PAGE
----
Lionel Bart and Alun Owen’s musical Maggie May first opened in London 55 years ago, when it made its debut at the Adelphi Theatre in September 1964 – despite its success it hasn’t been seen since.
In this episode of The Show People Podcast, host Andrew Keates is joined by choreographer and former head of dance at the Mountview Academy of Theatre Arts – Sam Spencer-Lane.
It says much for the National Youth Music Theatre (NYMT) that they have amongst their young company the talent and resource to deliver what is unquestionably an impressive take on this most adult of musicals.
What happens when “Death” actually takes a holiday? Well apparently nothing, no fatalities are reported in Europe over a weekend, whilst “he” spends a weekend at leisure.
As someone raised on West End musicals, I’ve grown used to grand spectacles, produced on a huge scale and a big budget, with lavish sets and an army of stage crew. It never would have occurred to me that you could present a show of that kind in a fringe theatre, with a cast of twelve and a band of five. Yet Thoroughly Modern Millie, at the tiny and intimate Landor Theatre, does just that – and is easily as entertaining as any of those big productions.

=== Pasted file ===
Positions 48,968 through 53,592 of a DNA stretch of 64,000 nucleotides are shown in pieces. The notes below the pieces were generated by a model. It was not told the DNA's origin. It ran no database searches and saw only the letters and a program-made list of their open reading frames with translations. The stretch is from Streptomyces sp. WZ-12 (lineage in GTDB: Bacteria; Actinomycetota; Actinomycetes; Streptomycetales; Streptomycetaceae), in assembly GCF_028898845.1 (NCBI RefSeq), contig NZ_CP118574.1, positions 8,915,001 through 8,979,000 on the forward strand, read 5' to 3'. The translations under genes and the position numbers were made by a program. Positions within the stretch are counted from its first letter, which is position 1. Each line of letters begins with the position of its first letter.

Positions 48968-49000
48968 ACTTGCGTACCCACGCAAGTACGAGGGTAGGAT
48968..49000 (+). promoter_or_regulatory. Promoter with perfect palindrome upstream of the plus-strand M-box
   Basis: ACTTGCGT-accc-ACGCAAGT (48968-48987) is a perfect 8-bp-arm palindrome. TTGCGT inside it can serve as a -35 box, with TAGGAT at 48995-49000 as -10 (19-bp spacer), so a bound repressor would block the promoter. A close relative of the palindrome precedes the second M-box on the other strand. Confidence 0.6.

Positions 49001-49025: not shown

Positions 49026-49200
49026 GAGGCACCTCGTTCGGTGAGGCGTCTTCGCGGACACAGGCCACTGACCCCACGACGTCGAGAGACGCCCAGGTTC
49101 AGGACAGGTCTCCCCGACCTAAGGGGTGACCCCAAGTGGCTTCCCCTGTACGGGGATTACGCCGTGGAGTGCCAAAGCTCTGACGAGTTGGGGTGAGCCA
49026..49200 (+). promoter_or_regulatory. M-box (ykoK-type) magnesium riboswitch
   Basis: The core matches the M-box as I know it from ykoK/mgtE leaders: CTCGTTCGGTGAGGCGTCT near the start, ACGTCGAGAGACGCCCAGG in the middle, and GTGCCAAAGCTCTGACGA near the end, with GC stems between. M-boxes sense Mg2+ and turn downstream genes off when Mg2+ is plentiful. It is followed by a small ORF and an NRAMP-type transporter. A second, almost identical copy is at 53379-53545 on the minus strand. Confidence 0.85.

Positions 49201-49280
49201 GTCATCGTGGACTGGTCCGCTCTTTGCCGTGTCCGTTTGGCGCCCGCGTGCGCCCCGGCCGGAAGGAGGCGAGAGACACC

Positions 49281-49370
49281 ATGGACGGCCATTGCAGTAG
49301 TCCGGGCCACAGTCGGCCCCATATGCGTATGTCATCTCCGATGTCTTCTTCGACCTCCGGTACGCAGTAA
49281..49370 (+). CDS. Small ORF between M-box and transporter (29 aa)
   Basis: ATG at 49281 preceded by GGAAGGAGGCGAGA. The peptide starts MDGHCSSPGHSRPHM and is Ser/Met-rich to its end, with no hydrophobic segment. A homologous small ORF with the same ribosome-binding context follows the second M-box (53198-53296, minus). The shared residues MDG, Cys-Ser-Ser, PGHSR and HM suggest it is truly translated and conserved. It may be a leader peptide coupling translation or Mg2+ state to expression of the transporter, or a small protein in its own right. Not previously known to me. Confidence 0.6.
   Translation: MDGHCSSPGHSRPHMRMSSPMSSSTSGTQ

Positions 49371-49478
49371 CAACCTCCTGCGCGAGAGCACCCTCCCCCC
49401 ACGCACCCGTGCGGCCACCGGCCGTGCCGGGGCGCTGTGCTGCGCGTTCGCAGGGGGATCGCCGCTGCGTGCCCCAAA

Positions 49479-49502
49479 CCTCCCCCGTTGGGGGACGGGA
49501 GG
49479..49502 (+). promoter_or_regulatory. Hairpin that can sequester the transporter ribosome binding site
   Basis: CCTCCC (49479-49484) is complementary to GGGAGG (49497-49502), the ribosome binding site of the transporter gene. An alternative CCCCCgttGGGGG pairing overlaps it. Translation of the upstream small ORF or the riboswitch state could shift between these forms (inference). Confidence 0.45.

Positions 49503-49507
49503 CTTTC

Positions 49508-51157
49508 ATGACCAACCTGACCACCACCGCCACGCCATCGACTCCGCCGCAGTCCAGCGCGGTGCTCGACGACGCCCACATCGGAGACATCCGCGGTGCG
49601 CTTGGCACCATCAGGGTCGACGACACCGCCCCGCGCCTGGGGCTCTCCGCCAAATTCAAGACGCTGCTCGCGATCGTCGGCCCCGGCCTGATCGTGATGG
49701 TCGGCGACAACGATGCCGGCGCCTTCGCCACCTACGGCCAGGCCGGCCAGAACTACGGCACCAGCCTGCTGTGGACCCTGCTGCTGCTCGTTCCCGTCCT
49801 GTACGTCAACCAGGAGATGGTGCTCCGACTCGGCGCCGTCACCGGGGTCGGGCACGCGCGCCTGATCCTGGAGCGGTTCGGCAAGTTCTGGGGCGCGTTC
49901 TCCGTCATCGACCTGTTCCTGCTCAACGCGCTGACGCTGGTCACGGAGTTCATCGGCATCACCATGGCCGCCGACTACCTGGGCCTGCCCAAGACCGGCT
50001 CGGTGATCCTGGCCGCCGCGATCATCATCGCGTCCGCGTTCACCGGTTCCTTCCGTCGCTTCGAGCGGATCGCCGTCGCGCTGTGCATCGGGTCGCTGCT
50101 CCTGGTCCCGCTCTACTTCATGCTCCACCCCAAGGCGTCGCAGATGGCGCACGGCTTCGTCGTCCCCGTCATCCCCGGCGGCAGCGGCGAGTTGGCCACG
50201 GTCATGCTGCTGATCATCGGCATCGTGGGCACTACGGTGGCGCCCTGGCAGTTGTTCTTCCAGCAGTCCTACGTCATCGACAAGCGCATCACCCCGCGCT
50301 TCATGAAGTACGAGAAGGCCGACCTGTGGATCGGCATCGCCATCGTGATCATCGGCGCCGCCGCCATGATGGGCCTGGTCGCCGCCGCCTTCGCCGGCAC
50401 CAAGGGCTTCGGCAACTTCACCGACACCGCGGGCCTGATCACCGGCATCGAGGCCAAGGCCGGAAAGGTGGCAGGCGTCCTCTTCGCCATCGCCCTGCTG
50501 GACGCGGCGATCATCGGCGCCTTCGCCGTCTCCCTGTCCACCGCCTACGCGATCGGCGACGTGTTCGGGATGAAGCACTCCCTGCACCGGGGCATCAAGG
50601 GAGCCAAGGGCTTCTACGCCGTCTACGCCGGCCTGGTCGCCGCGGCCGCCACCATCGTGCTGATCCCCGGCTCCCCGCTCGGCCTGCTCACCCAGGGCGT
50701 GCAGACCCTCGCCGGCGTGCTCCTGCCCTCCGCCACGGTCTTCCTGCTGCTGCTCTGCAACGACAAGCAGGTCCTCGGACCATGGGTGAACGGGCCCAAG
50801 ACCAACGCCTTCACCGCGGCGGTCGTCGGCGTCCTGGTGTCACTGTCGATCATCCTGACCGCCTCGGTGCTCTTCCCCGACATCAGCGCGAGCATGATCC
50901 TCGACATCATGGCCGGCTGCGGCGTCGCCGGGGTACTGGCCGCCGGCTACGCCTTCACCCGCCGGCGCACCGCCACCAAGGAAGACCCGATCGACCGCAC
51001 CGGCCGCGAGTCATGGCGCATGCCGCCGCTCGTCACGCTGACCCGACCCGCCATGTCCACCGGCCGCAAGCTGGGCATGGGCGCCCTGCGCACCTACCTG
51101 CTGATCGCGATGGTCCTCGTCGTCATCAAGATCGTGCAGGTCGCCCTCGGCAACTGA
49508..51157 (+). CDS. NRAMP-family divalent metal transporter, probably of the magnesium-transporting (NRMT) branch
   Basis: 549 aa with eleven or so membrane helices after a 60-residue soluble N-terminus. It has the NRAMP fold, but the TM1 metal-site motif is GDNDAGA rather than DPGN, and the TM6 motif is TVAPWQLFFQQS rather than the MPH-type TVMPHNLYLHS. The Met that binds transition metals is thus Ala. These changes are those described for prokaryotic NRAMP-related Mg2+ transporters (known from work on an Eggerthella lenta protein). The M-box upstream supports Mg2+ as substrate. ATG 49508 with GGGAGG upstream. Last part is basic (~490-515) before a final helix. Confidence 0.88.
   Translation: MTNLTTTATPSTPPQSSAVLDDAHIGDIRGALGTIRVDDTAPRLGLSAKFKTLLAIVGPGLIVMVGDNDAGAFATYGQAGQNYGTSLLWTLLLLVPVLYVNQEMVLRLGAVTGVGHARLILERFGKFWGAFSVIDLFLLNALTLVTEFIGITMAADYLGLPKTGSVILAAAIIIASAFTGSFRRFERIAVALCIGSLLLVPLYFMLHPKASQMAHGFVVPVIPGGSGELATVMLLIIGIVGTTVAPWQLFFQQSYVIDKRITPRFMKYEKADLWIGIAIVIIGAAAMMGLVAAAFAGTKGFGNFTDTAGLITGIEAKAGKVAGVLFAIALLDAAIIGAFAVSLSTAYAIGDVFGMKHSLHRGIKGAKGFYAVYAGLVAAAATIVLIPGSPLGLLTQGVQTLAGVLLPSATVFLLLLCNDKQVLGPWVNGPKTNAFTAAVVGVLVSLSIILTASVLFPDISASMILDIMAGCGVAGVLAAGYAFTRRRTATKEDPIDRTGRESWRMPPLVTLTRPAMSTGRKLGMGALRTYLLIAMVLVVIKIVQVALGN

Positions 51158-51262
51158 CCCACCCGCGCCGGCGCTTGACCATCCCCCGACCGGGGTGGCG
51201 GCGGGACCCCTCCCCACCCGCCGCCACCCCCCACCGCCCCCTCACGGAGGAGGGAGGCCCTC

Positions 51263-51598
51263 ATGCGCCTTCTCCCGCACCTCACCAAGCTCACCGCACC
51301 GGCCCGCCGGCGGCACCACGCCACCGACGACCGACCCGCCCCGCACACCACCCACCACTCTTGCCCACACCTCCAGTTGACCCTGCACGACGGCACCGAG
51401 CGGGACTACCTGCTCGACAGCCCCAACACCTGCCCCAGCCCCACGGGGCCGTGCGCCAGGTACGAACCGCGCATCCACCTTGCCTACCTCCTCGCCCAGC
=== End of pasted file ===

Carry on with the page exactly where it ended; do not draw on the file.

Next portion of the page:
Taking issue with contrary opinions on Twitter, an audience member taking photos at the Union, and visiting Southampton and Bath — and of course seeing Cumberbatch’s Hamlet.
Derived in 2002 from the 1967 Julie Andrews movie, Thoroughly Modern Millie is thoroughly old fashioned. It’s sexist: all the women are actresses or typists; racist: landlady Mrs Meers feigns orientalism and speaks pantomime Cantonese to her migrant Hong Kong laundrymen; heteronormative: every flapper’s ambition is to secure a rich businessman husband and even white slavery is dismissed as “well, it’s one way to get a man”, but so heartwarming and jolly you can almost forgive its cartoon morality.
The twenties don’t so much roar as whimper in SDWC’s new revival of Thoroughly Modern Millie at the Landor. Matthew Iliffe’s production strips back not only the set and cast, but also the life and soul of the show, leaving us with a raw and undercooked slog of questionable casting and dull direction.